Personal Data in Europe, Personal Identifiable Information (PII) in the US, Client Identifying Data (CID) here in Switzerland, … Whatever the name you give it, the definition is slightly the same: it defines a category of information about an individual that can be used to unambiguously distinguish or trace his/her identity.
For example, passport numbers, social security numbers, IBAN or biometric records, known as direct identifying data, clearly identify an individual. Full names, addresses, phone numbers, dates of birth or emails can also be used to identify someone. However, as they can be shared by several people, you need to combine them to explicitly identify an individual — we say they are indirect identifying data.
This data, when maintained by a company, especially highly regulated one (Financial Services, Healthcare, …) or governing agency must comply with security standard and compliance certifications (GDPR, HIPAA, FINMA circulars, …). These certifications require this kind of data to be highly protected, from public leakage of course, but also internally from your own employees.
In this article, I will mainly focus on this second point. Today more than ever, data is key is to take appropriate decisions, create new services or improve existing ones. And if you want to share data internally, in order to build clever solutions, leveraging analytics and machine learning for example, you need to keep control on that data and ensure it remains compliant with aforementioned certifications.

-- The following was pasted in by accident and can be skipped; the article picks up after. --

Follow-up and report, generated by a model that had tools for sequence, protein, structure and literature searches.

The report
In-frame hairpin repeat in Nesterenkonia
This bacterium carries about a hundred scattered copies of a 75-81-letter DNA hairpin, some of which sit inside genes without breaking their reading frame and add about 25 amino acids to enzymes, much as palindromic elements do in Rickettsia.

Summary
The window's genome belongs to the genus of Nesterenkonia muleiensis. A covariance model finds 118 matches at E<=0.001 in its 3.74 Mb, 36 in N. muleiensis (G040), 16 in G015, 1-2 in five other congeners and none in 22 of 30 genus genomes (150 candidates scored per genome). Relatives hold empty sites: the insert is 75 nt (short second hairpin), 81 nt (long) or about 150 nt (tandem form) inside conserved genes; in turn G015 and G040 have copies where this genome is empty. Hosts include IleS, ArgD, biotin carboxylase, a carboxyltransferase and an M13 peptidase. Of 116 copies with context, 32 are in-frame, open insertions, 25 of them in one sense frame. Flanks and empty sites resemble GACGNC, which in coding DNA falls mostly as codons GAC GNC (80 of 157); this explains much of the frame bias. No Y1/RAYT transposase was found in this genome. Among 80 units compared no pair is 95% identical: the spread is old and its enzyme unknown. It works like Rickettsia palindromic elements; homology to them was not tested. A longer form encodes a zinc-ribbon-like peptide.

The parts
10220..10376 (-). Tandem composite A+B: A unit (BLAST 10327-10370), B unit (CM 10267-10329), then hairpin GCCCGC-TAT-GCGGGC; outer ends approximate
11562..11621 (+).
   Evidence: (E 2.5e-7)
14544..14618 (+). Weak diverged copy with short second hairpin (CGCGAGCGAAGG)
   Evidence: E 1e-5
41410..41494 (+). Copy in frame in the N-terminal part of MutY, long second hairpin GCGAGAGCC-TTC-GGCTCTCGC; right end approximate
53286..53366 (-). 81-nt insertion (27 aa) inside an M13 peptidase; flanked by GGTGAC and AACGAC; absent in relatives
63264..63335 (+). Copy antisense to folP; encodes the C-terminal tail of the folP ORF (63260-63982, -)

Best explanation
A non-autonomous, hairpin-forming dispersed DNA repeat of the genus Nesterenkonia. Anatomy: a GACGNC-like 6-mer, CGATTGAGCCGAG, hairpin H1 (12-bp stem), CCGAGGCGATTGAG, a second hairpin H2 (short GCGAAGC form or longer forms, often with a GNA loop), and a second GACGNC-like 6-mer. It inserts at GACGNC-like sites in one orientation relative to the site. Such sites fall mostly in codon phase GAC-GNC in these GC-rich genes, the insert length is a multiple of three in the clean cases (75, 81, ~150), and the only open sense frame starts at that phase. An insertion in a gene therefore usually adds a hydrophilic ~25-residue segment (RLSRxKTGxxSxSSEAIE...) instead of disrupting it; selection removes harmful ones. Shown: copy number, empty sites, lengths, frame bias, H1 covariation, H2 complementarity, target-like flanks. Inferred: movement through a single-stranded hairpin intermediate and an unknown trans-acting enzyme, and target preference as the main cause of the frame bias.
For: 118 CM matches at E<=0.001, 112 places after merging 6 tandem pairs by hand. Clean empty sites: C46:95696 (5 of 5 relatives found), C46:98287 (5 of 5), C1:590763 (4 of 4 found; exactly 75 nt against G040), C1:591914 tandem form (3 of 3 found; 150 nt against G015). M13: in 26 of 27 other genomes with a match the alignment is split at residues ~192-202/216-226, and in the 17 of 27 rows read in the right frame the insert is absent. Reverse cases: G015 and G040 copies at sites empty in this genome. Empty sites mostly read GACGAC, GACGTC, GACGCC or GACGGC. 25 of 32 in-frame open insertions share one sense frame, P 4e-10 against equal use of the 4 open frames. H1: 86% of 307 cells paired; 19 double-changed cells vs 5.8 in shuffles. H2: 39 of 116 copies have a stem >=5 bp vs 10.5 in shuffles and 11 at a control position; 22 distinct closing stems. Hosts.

Anonymization or pseudonymization are some of the technics commonly adopted to do protect some data. In both case, you want to remove the ability to identify someone and more important the link to his personal information (financial, health, preferences…), while keeping the data practically useful. Anonymization consists in removing any direct (and part of indirect) identifying data. Pseudonymization does not remove these information but modify them so that we cannot make a link with the original individual.
Multiple papers, algorithms (k-anonymity) and technics exist to perform anonymization and pseudonymization. AWS also provides 2 functions — available in the Serverless Application Repository — that use Amazon Comprehend and its ability to detect PII:
On my side, as the input file is pretty straightforward, I don’t need Comprehend to detect sensible information.
Here is my (naive) approach:
- Remove any (identifying) field that is not useful to the downstream process. In my example, the SSN (social security number) is clearly useless for a data analytics application or to perform machine learning. Same thing for the phone number, address and name.
- Remove some precision, by extracting only the meaningful part. For example, we don’t need the exact date of birth, an age may be enough.
- If for any reason, we need to keep some identifying fields, then we must pseudonymize them. For example, we can replace the name with another, randomly generated.
After this process, we should end up with the following information, clear from any identifying information (names have been replaced):
Now that we know what we want to do, let’s see it in the context of our workload.
We have 3 main components in our workload:
- A confidential application, that deal with these data, used by doctors and other medical staff. In that case, the data is not anonymized.